Last week, MLB Europe announced that, in addition to two games of major league baseball, the UK would be treated to a three-day baseball bonanza in Trafalgar Square as part of London Series 2023.
The event is described as a “three-day celebration of the best of baseball culture, set in one of the capital’s most iconic locations”. It will feature Home Run Derby X: The Cage, a “dimension-defying new baseball game that blends real life and virtual gameplay using the latest ball tracking technology” and that will feature “teams of MLB Legends, Superstars, and Big Hitters, representing the Boston Red Sox, Chicago Cubs, New York Yankees and St Louis Cardinals”.
The announcement got me thinking about which former Cubs players I would like to see participate in the event. So I compiled a list of players that a) played during my time as a fan, b) would qualify as a Cubs ‘legend’, and c) could potentially still participate in such an event.
Dexter Fowler: 2015-2016
When the Cubs traded for Dexter Fowler in January 2015, they acquired one of the most effective leadoff hitters in baseball. Along with a career .366 OBP and 12.5 percent walk rate, the centre fielder averaged just over 15 stolen bases per season as of 2014, while bringing bags of experience to a young team.
Fowler was by no means a power hitter though, having managed to go yard just 48 times in seven major league seasons to that point – six of which were spent playing at Coors Field. While Fowler managed just 17 regular season home runs for the Cubs in 2015 and a further 13 in 2016, he did hit one of the most important home runs in franchise history; a lead-off home run off of Corey Kluber that came just four pitches into Game Seven of the 2016 World Series. It was the first-ever lead-off home run in a World Series Game Seven in baseball history and secured Fowler a place in both the record books and Chicago Cubs lore.
Fowler left the Cubs at the end of 2016, signing a five-year, $82.5 million deal with the rival St. Louis Cardinals, where he was plagued by injury. He retired in 2021 and has since started a broadcasting career with the Cubs television network Marquee, solidifying his link to the club and making him a prime candidate for Home Run Derby X.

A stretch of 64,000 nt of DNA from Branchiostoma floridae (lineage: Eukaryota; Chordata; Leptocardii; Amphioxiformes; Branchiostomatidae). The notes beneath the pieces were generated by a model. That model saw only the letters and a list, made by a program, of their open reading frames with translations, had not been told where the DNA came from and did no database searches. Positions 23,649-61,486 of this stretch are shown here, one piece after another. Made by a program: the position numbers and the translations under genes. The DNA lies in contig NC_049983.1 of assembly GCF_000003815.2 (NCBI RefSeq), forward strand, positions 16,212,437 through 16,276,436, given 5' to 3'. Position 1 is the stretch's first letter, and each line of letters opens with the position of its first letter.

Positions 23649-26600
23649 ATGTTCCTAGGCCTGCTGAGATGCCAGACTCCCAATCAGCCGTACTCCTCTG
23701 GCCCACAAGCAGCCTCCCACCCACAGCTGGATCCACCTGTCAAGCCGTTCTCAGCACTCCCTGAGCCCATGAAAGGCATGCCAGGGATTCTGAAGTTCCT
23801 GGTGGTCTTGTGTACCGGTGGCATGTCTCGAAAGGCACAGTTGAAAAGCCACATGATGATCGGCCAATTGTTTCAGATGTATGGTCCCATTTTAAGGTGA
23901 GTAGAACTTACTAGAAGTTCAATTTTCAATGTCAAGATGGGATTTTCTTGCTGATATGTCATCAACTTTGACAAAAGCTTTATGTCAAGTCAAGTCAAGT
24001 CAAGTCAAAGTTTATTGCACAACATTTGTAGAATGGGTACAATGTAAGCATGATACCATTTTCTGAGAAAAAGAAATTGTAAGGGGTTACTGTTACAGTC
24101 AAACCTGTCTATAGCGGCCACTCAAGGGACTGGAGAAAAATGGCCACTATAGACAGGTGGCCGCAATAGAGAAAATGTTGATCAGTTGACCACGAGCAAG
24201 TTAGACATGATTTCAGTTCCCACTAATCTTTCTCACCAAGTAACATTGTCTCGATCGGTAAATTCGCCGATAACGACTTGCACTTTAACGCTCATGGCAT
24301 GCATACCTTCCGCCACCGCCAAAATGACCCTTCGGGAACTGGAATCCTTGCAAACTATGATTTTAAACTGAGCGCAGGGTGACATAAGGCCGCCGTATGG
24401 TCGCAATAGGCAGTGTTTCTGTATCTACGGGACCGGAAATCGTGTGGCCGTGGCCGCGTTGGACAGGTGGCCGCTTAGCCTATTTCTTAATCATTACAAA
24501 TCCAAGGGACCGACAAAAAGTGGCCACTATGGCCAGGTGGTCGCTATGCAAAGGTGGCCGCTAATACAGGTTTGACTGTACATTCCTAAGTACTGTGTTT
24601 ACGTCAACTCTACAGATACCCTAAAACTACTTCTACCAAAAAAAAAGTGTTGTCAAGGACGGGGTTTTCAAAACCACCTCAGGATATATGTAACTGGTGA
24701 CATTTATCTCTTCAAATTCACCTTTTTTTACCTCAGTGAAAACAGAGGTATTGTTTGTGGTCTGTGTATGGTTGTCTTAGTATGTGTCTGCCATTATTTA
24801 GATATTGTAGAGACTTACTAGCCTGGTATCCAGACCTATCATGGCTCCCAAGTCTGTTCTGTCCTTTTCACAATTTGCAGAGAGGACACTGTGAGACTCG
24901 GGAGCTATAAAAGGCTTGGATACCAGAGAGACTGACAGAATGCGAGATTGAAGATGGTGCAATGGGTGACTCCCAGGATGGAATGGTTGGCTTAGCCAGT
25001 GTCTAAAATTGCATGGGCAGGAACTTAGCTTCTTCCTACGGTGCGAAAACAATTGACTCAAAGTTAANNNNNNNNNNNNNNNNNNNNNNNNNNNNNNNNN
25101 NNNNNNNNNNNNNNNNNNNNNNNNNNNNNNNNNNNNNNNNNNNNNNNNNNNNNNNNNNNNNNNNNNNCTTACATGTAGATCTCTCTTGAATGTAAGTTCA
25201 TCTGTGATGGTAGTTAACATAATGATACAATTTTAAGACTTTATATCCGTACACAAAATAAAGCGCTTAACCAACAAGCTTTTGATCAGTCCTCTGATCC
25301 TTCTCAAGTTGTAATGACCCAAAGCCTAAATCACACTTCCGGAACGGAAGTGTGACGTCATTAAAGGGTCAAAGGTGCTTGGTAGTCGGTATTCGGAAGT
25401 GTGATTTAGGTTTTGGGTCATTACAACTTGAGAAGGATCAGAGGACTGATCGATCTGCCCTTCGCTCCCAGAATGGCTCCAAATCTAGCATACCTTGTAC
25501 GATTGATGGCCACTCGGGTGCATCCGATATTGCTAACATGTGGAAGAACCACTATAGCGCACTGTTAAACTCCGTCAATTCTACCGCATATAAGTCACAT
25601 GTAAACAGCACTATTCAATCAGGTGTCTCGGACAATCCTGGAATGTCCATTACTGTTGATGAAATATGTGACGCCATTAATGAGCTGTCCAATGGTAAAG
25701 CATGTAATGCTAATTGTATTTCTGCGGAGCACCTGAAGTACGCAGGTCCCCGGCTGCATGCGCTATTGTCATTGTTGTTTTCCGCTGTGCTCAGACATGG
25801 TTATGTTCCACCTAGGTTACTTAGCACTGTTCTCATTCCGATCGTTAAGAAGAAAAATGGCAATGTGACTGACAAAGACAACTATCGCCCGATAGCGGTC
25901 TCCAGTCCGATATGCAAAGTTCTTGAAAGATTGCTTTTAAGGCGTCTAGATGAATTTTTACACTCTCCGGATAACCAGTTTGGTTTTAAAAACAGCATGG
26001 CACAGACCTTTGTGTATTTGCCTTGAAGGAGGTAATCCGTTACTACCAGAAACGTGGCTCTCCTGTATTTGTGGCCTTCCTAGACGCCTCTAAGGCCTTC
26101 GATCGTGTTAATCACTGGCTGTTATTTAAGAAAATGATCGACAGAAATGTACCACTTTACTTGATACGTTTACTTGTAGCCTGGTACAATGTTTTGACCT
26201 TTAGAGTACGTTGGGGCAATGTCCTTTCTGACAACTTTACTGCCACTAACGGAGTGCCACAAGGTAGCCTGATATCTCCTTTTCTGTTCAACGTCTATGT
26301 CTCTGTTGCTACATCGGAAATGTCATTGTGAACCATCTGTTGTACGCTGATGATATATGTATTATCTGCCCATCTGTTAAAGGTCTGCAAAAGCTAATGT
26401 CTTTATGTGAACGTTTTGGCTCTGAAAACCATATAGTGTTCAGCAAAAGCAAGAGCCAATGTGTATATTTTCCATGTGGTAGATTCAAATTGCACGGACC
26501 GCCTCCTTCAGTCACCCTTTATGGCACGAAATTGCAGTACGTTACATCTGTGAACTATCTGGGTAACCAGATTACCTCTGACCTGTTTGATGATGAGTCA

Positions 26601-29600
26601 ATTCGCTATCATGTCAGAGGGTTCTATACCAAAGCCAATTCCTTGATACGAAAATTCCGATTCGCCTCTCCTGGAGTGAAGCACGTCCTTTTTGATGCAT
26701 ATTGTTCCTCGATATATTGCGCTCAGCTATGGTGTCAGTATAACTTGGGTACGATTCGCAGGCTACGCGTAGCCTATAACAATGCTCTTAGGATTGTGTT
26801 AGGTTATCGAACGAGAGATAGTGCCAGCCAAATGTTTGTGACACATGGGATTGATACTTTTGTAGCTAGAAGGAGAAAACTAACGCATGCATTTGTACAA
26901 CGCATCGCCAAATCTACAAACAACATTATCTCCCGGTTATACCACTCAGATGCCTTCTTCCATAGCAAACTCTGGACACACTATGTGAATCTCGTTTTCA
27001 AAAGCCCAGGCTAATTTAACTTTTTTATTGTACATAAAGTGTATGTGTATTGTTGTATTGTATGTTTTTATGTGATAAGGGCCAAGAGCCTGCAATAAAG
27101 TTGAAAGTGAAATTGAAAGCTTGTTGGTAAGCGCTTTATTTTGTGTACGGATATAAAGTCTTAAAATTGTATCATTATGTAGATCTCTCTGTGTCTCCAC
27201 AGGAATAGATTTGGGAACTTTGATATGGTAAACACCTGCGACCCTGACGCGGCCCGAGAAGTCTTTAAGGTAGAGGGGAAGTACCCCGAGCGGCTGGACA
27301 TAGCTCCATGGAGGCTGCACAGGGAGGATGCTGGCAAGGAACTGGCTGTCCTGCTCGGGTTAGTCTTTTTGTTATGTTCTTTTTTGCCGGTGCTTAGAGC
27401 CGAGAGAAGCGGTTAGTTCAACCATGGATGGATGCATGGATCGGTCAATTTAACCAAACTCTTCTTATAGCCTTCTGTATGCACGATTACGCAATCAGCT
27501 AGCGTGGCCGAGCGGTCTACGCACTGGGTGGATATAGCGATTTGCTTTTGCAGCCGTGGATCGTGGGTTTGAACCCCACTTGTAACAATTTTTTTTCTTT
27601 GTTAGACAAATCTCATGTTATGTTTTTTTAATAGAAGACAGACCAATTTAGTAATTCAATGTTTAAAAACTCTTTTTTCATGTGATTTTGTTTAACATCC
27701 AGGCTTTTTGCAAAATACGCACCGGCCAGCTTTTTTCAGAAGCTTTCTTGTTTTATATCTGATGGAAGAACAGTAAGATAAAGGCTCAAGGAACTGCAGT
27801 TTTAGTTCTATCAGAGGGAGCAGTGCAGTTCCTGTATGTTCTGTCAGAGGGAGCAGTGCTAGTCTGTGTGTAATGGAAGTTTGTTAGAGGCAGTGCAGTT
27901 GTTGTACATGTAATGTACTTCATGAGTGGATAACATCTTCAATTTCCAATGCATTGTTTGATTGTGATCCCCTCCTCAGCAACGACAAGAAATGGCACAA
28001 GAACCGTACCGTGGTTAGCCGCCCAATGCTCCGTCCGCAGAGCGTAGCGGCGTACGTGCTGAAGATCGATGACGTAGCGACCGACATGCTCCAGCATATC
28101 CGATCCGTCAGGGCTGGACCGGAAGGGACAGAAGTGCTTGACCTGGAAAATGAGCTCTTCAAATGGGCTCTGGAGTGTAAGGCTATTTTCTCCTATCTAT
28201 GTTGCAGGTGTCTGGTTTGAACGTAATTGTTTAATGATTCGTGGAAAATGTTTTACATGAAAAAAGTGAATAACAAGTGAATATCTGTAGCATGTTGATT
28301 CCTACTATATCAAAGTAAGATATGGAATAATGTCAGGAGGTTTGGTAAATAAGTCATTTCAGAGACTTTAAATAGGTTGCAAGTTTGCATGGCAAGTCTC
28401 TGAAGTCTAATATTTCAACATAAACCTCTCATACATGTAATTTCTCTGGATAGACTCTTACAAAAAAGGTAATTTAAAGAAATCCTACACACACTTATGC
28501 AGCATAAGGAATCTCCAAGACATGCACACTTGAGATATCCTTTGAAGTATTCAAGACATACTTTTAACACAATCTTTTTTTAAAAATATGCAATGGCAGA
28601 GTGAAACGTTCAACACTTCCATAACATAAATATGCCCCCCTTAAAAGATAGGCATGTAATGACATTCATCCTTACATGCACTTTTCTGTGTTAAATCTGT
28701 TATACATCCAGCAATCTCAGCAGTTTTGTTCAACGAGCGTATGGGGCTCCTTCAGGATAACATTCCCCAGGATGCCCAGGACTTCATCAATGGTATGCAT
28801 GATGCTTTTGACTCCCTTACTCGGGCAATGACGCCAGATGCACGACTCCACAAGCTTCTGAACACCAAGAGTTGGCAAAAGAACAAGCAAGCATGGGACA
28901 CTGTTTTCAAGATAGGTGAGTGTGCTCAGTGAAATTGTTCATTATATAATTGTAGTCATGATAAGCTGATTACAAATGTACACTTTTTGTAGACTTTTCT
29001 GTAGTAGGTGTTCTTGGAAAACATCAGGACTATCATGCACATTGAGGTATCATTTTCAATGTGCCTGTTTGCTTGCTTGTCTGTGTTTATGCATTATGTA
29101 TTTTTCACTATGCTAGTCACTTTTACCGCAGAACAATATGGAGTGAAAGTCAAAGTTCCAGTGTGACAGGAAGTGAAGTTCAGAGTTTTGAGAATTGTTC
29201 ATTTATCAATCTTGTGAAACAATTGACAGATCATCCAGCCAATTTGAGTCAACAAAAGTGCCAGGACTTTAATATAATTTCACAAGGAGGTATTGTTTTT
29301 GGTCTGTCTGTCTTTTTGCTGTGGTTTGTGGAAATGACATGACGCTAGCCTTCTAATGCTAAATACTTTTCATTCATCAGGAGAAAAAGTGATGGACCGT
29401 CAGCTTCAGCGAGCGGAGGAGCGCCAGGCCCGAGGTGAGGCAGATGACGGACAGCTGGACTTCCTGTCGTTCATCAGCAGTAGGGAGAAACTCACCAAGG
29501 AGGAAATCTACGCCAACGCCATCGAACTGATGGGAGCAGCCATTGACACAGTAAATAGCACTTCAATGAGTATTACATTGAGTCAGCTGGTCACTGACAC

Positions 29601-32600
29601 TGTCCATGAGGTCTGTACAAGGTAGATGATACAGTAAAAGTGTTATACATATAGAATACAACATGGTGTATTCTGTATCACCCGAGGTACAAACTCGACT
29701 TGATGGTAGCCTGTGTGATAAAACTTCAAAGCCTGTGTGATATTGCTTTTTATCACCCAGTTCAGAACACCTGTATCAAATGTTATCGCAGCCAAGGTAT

Carlos Peña: 2011
Carlos Peña was thirty-three when he signed a one-year, $10 million deal with the Cubs in 2010. Two years removed from his sole All-Star appearance – and a regular season campaign that saw him hit 39 home runs for the Tampa Bay Rays – the lefty first baseman offered plenty of power-hitting potential.
Peña was, however, coming off a plantar fascia injury impacted season that limited him to a career-low .196 batting average while he struck out 158 times in 484 at-bats. Regardless, he hit 28 home runs that year and succeeded in duplicating the number exactly for the Cubs in 2011 while also bringing Gold Glove-calibre defence to the line-up.
As the Cubs shifted into rebuild mode the following season, Peña lasted just a year on the North Side. He retired in 2014 at the age of 36, having hit 286 career home runs over the course of a major league career that spanned fourteen seasons.
In 2017, Peña participated in MLB Battlegrounds, an experimental predecessor to Home Run Derby X that took place in Hyde Park and had an “awesome” time, suggesting he’d be up for returning for this year’s event.
Alfonso Soriano: 2007-2013
The eight-year, $136 million deal the Cubs signed Alfonso Soriano to in November 2006 is frequently referred to as one of the worst contracts in franchise history. It was the fifth-largest total package given to a major league player at the time (up there with A-Rod and Jeter) and a sure-fire statement of intent from a team that finished 66-96 in 2005.
Like most mega deals, it paid dividends in the early years, as Soriano helped the Cubs make the playoffs in 2007 and 2008, hitting 62 home runs during that span.
As the team fell out of contention and their superstar centre fielder began to age, the contract became something of an albatross for the Cubs, even though Soriano notched a further 119 home runs between 2009-13.
He was an 8.2 fWAR player during his tenure with the Cubs and only failed to exceed 20 home runs once – during his final season, when the rebuilding Cubs agreed to eat a chunk of his remaining salary just to get him off the books. Soriano retired in 2014 at the age of 38 but remains in incredible shape, which suggests he’d be more than capable of holding his own at Home Run Derby X.